.

Prompt Authoring
Prompts are such an important part of any application because they serve as the voice and interaction point with users. Basically, they act as the main interface for a dialog-driven application. As you begin to build a speech application you will quickly notice that the synthesized voice prompts sound a bit mechanical; definitely not like the smooth slightly British tone of HAL in “2001.” This is because, by default, unless otherwise specified the local text to speech engine will synthesize all prompt interaction. Prompts should be as flexible as any portion of the entire application. Just as you should invest time in creating a well-designed Web page, so should you spend time on designing a clean sounding dynamic prompt system for application users to interact with. As with any application, the goal is to quickly prototype the proof of concept and usability testing. The extensibility of the speech environment makes it easy to have a parallel development track occurring of the dialog and prompt recording.

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Figure 6. Prompts Project Database: The prompts project contains a database that is used to store pre-recorded voice prompts.

The Prompt database is the repository of recorded prompts for an application. It is compiled and downloaded to the telephony browser during run time. Before the speech engine plays any type of prompt, it queries the database and if a match is found, it plays the recoding instead of using the synthesized voice. Within Visual Studio the Prompt Project is used to store these recordings and is available within the new project dialog as shown in Figure 6. The Prompt Project contains a single prompt database with a .promptdb extension. By default, Prompt databases can be shared across multiple applications and mixed together. In practice it’s actually a good idea to use separate prompt databases across a single application to both reduce size and make it more manageable. The database can contain wave recordings either directly recorded or imported from external files.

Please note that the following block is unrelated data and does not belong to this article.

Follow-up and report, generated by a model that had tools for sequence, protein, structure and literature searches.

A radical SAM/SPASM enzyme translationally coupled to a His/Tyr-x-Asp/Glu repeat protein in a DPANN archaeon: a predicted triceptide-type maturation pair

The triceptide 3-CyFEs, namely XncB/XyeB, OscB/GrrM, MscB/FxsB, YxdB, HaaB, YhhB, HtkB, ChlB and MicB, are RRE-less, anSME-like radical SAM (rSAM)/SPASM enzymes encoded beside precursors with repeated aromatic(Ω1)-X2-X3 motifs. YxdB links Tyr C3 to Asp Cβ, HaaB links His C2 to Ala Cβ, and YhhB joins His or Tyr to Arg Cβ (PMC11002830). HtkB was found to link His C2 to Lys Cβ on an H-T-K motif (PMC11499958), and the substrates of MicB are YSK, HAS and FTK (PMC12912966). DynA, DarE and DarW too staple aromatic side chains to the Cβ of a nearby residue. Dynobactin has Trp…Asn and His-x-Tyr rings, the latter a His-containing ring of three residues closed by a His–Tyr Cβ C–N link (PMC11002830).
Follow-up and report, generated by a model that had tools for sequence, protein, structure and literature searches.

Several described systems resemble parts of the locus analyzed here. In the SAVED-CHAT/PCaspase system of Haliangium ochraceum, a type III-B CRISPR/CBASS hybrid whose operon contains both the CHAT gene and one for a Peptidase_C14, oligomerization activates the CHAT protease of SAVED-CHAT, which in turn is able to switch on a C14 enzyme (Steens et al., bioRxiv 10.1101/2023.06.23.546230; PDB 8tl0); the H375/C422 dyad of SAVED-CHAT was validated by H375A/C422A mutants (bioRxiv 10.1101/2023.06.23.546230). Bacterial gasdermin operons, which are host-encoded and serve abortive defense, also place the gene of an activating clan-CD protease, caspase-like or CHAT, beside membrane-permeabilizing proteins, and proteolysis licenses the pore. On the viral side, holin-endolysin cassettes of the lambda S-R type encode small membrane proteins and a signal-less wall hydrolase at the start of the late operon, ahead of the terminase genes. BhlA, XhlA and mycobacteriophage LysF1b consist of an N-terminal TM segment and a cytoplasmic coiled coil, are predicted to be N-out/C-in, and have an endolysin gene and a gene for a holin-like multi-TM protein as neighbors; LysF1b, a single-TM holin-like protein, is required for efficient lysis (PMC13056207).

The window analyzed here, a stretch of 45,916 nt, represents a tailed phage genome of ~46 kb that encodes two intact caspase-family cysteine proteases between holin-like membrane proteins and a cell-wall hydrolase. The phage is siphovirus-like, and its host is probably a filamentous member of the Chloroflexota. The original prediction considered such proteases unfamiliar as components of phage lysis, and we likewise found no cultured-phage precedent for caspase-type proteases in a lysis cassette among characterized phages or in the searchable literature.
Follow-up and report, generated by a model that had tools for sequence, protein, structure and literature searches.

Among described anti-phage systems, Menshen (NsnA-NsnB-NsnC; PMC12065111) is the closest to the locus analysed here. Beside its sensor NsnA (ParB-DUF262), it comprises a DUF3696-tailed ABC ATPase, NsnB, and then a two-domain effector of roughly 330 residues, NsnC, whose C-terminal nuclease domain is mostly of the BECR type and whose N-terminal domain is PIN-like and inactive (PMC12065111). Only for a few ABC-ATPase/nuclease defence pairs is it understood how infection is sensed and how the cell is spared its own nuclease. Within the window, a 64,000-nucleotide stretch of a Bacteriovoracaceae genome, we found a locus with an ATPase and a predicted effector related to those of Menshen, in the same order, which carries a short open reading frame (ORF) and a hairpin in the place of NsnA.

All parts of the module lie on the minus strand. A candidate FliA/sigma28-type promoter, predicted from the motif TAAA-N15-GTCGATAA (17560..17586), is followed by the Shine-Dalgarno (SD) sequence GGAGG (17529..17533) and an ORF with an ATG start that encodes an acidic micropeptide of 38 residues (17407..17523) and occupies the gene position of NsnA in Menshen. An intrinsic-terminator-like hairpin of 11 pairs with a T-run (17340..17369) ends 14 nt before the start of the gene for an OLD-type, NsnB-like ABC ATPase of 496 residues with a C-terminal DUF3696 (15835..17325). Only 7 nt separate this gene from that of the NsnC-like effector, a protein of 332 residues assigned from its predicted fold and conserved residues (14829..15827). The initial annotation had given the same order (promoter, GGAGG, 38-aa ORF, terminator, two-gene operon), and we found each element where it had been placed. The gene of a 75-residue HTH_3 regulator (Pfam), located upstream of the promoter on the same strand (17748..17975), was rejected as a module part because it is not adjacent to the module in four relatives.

You can edit the prompts database through Visual Studio’s Prompt Editor as shown in Figure 7. This window is divided into a Transcription and Extraction window. The Transcription window (top) is used to identify an individual recording and its properties. These include playback properties including volume, quality, and wave format. More importantly, you use the Transcription window to define the text representation of the wave file content. The bottom portion of the Prompt Editor contains the Extraction window. This identifies one or more consecutive speech alignments of a transcription. Essentially, extractions constitute the smallest individual element or words within a transcription that a system can use as part of an individual prompt.

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Figure 7. Recording New Prompts: You can record new prompts directly within Visual Studio 2003.

Recording a Prompt
The first step in creating a prompt is to add a new transcription using the Prompt Editor. Once this is done you can then record or import a wave file that matches the transcription exactly. For example, a transcription may be as short as a single word or as long as a single sentence. When creating transcriptions you should keep the following things in mind.